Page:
* Hamilton's Works, i. 358.
"The Congress issued pledges for money it had no means to pay, called for soldiers it had no means to support, entered into treaties it could not fulfil; while States endangered and did injustice to their associate States, by disproportionate, inadequate, contributions of men and money;* by the assumption of powers inconsistent with a community of rights; and by the refusal of powers essential to the presorvation of those rights.t
In Virginia it was proposed to abolish all private commerce and to establish commercial companies including a State, or parts of a State in districts. Their commercial operations were to be reprosented by stock; the price of overy article to be fixed by the companies; and the power to be conferred upon them " of taking private goods into their custody;"-called a plan “ for appreciating the currency and reducing the price of necessaries." An embargo of provisions followed. And the day after Jefferson's election as Governor—the second of June, 1779— fearful of the breaking up of the Confederacy, and to secure a strong foreign protector; a resolution unanimously passed her legislature, by which,“ the treaties of Alliance and Commerce between France and the Congress of the United States were ratified, confirmed, and declared binding; so far as in the power of tbis Commonwealth." A special favor from France was granted to her.
The sufferings in Virginia were a type of the general condition of this country. “The enemy," Washington wrote in November seventy-nine, "are in great hopes of terminating the warin their favor in another campaign, as they expect confidently the entire ruin of our money and a failure of provisions for the supply of our army." In the following month, he again wrote,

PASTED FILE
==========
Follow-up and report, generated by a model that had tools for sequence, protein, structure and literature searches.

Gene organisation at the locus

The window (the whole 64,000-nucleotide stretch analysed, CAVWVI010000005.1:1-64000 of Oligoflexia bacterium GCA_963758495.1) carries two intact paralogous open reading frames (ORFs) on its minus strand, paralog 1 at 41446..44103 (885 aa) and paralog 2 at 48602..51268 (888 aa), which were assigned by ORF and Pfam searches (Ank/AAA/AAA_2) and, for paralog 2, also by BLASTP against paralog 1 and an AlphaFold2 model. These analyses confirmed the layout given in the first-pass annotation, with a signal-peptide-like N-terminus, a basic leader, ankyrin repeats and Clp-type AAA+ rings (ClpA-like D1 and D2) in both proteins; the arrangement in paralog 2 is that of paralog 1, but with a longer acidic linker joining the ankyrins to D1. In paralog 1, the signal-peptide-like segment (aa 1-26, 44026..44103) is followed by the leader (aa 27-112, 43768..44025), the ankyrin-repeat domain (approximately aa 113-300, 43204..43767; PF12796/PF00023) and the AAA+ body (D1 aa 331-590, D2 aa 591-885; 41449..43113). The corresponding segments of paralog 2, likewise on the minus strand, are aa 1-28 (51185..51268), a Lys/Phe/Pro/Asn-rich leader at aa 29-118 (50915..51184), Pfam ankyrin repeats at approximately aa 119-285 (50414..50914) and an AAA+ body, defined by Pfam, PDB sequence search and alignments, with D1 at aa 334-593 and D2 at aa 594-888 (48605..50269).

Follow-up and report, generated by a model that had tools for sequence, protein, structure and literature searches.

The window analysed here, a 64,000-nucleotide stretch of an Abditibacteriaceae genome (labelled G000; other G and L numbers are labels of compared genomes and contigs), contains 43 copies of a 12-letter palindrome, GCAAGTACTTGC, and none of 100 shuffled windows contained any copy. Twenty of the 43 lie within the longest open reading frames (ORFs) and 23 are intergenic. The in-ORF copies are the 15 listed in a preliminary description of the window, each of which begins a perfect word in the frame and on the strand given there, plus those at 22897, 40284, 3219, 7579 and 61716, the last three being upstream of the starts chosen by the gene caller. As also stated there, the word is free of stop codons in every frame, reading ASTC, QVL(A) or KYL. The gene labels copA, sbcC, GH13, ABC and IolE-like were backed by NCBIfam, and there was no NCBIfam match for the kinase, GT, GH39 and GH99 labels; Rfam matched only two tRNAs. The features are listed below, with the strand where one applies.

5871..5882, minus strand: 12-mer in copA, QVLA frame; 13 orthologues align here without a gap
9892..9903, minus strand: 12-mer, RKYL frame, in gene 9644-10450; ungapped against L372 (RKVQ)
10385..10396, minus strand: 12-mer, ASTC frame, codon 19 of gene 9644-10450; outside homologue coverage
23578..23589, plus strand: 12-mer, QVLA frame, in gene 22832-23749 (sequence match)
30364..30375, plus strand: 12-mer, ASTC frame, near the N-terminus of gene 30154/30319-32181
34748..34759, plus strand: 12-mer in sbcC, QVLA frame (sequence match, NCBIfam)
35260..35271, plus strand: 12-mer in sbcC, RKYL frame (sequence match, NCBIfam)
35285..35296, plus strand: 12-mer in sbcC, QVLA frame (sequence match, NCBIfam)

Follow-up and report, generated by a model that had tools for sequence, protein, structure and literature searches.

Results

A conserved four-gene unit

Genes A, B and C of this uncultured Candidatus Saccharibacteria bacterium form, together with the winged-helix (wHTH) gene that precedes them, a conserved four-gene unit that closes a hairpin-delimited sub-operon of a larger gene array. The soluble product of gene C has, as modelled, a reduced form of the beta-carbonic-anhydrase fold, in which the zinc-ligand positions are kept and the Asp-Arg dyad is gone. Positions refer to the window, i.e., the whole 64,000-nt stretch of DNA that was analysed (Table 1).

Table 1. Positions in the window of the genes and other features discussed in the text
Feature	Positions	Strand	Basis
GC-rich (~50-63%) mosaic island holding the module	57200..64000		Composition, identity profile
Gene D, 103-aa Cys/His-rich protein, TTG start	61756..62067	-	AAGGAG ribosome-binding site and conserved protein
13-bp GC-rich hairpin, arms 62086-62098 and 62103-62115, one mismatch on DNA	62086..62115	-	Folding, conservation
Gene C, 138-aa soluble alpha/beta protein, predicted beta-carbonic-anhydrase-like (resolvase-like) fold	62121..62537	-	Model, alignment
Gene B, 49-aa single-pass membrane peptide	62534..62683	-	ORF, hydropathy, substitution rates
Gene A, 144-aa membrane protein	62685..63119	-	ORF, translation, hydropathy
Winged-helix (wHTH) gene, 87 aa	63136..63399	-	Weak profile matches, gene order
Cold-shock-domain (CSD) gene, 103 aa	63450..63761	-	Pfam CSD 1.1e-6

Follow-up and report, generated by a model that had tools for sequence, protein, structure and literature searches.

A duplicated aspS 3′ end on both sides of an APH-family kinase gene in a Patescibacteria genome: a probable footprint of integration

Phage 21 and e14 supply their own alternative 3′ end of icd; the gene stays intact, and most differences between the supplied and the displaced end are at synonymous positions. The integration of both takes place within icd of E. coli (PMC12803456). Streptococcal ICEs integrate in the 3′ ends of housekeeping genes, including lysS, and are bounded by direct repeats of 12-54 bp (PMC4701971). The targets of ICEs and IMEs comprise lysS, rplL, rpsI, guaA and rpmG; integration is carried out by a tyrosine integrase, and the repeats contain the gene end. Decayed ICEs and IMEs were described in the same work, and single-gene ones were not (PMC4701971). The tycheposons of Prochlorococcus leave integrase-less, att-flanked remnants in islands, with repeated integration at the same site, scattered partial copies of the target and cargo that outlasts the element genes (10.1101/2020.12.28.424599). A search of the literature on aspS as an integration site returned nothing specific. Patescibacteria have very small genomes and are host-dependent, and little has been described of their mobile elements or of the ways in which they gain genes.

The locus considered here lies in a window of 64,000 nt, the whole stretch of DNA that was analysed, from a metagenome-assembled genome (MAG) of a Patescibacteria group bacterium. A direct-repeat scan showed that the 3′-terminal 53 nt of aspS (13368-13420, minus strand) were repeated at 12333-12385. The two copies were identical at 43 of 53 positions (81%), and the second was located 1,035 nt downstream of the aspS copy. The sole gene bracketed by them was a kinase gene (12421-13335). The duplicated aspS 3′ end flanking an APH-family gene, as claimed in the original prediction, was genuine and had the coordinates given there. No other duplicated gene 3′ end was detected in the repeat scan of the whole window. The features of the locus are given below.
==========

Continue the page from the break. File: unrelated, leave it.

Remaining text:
* The inefficiency of Virginia, the then most populous State of the Confederacy, is thus exposed by its Governor Patrick Henry :-“Publio spirit seems to have taken its fight from Virginia. It is too much the case; for the quota of our troops is not half made up, and no chance seems to remain for completing it. Great bounties are offered. But I fear the only effect will be to expose our State to contempt, for, I believe no soldiers will onlist, especially in the Infantry. Can you credit it? No effort was made for supporting or restoring public credit. I pressed it warmly on some, but in vain. This is the reason you get no soldiers. Let not Congress rely on Virginia for soldiers, I tell you my opinion-thoy will not be got here, until a different spirit prevails."- Memoir of R. H. Lee, i. 196. 1778.
Washington soon after wrote, “At present they are but a handful, compared to the quota they should furnish, and unlegg something is done, this handful will dwindle to nothing."—Hist. Repub. i. 559.
"I find our prospects are infinitely worse than they have been at any period of the war, and unless some expedient can be instantly adopted, a dissolution of the army for the want of subsistence is unavoidable. * * * We have never experienced a like extremity at any period of the war.” Well might be feared “the entire ruin of the money.” The bills in circulation amounted to the enormous sum of one hundred and sixty millions of dollars--and the total product of the taxes since the begin. ning of the war was only three millions.
It was in the midst of this chaotic confusion, this vast distress, so discouraging to the people, and so encouraging to the enemy-fivo years of indecisivo war having nearly elapsed that Hamilton (Washington's "principal and most confidontial aid,") familiar with all his embarrassments and intimate with all the wants of the army and of the country, at the age of twentytwo, soon after the army entered winter quarters at Morristown, is seen to have projected an enlarged plan for the restoration of the public credit, proposing an indispensable change in the whole administration of the public affairs. After an argued exposition of this plan, ho wrote, “Congress have too long neglected to organize a good scheme of administration and to throw public business into proper EXECUTIVE DEPARTMENTS. For commerce, I prefer a Board, but for most other things single men. We want a Minister of War, a Minister of Foreign Affairs, a Minister of Finance, and a Minister of Marine. There is always more decision, more dispatch, more secrecy, more responsibility, where single men, than where bodies are concerned. By a plan of this kind we should blend the advantages of a Monarchy and a Republic in a happy and beneficial Union.'